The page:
FCC asks court for more time on white space rules

The FCC has requested a court delay its ruling on challenges to the agency's white space rules so the commission can review the petitions itself.

The commission has received numerous petitions to block the rules, which would allow the unlicensed use of wireless devices in the white spaces--the unused slivers of spectrum in the 700 MHz band between spectrum used by broadcast TV stations. The Association for Maximum Service Television and the National Association of Broadcasters filed a petition in the federal court of appeals for the D.C. Circuit in an effort to strike down the rules. Broadcasters and entertainers fear that the devices will cause too much interference with TV stations and other equipment such as wireless microphones.

The FCC voted to approve the use of both unlicensed fixed band devices and portable personal devices that have both geolocation capabilities and the ability to access an FCC database of TV signals and locations of things such as stadiums, churches and entertainment venues where wireless microphones were being used and scan for possible interference issues. These database and geolocation capabilities would, in theory, prevent interference with broadcast TV stations and wireless microphones and ensure compliance with FCC rules.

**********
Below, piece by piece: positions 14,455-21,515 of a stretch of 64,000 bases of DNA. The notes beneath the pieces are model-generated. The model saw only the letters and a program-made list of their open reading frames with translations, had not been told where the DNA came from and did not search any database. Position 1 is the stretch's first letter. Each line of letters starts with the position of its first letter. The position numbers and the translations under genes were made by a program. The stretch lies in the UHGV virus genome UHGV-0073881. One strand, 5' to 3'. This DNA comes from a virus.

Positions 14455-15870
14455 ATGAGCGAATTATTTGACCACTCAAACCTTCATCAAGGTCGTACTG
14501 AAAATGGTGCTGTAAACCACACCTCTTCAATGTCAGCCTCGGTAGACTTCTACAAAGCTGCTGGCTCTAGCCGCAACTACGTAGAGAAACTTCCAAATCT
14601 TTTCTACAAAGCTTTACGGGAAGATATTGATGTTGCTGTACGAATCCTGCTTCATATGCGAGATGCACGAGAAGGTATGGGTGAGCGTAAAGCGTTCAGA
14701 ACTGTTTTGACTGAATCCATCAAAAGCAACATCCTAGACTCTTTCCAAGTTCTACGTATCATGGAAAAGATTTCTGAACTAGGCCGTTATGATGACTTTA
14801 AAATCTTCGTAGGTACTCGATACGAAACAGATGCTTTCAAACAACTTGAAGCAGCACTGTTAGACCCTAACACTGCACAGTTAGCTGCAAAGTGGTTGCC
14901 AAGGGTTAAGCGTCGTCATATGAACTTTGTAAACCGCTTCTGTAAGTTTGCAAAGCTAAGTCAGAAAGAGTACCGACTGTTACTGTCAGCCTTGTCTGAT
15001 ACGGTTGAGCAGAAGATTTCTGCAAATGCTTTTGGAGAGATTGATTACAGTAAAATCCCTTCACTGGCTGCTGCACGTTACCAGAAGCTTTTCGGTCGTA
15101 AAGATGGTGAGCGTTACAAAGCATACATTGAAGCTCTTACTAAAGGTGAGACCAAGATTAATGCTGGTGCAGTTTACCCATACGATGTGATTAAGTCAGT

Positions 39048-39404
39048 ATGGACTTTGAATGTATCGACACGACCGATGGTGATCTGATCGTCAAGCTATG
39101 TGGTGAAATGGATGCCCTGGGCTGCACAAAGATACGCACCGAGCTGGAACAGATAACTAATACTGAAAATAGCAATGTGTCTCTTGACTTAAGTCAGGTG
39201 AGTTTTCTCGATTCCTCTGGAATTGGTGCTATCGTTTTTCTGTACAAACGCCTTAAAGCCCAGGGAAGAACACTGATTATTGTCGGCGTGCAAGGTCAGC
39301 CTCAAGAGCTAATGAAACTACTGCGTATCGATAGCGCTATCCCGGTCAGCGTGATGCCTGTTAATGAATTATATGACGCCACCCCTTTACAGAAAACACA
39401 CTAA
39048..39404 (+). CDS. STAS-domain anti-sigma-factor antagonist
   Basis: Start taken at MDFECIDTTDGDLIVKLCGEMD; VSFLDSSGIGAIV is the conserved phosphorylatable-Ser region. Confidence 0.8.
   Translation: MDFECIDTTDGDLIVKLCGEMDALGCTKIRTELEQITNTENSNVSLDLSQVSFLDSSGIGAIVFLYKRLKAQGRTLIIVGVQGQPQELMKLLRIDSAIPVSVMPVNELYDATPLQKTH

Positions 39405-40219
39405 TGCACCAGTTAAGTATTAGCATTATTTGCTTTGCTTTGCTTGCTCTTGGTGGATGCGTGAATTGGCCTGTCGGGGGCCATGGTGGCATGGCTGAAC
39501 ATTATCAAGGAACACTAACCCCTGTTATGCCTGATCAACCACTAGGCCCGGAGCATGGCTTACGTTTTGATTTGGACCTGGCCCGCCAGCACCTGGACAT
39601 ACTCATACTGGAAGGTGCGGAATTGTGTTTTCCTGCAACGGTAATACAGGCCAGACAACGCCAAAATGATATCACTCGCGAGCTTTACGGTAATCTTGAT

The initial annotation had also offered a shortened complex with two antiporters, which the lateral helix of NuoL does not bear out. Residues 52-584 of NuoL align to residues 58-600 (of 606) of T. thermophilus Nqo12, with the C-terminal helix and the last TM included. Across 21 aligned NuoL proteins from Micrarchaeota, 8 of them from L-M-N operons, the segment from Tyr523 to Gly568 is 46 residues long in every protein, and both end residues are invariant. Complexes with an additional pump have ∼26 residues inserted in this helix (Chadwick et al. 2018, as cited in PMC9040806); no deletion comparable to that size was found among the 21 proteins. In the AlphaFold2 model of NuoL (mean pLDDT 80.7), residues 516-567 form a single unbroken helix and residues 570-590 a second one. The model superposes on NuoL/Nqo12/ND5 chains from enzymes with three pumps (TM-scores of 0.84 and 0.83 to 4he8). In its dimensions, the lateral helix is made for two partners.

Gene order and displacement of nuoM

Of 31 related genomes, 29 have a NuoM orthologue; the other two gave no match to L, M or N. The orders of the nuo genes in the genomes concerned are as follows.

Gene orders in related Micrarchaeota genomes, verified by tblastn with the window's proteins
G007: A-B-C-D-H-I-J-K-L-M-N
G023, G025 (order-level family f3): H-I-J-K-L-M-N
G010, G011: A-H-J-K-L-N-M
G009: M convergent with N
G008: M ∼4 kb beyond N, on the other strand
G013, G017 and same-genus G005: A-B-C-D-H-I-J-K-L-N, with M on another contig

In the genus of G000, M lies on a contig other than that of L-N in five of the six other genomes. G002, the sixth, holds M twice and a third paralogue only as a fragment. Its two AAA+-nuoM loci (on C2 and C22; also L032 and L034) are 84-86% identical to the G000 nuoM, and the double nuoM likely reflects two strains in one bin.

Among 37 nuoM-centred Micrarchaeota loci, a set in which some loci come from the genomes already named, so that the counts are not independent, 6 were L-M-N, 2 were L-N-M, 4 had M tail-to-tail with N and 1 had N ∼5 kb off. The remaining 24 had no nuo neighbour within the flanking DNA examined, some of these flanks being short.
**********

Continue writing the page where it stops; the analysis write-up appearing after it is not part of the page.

The FCC did not approve devices that used spectrum-sensing technology only, but did say that these devices could be approved at a later date if they undergo additional certifications, including proof-of-performance tests.

For more:
- see this article

Related Articles:
FCC white space rules to take effect in March
Google, tech allies form white space lobbying group
FCC approves white spaces, creates interference restrictions
Microsoft intensifies white-space lobbying efforts
Lawmakers jump into fray over white space

Suggested Articles

Phase 1 would make up to $8 billion available for rural 5G deployments over 10 years.

T-Mobile is wasting no time putting Sprint’s trove of 2.5 GHz to work for it in a 5G realm.

The Wi-Fi community is finally getting a much-needed infusion in the form of spectrum in the 6 GHz band.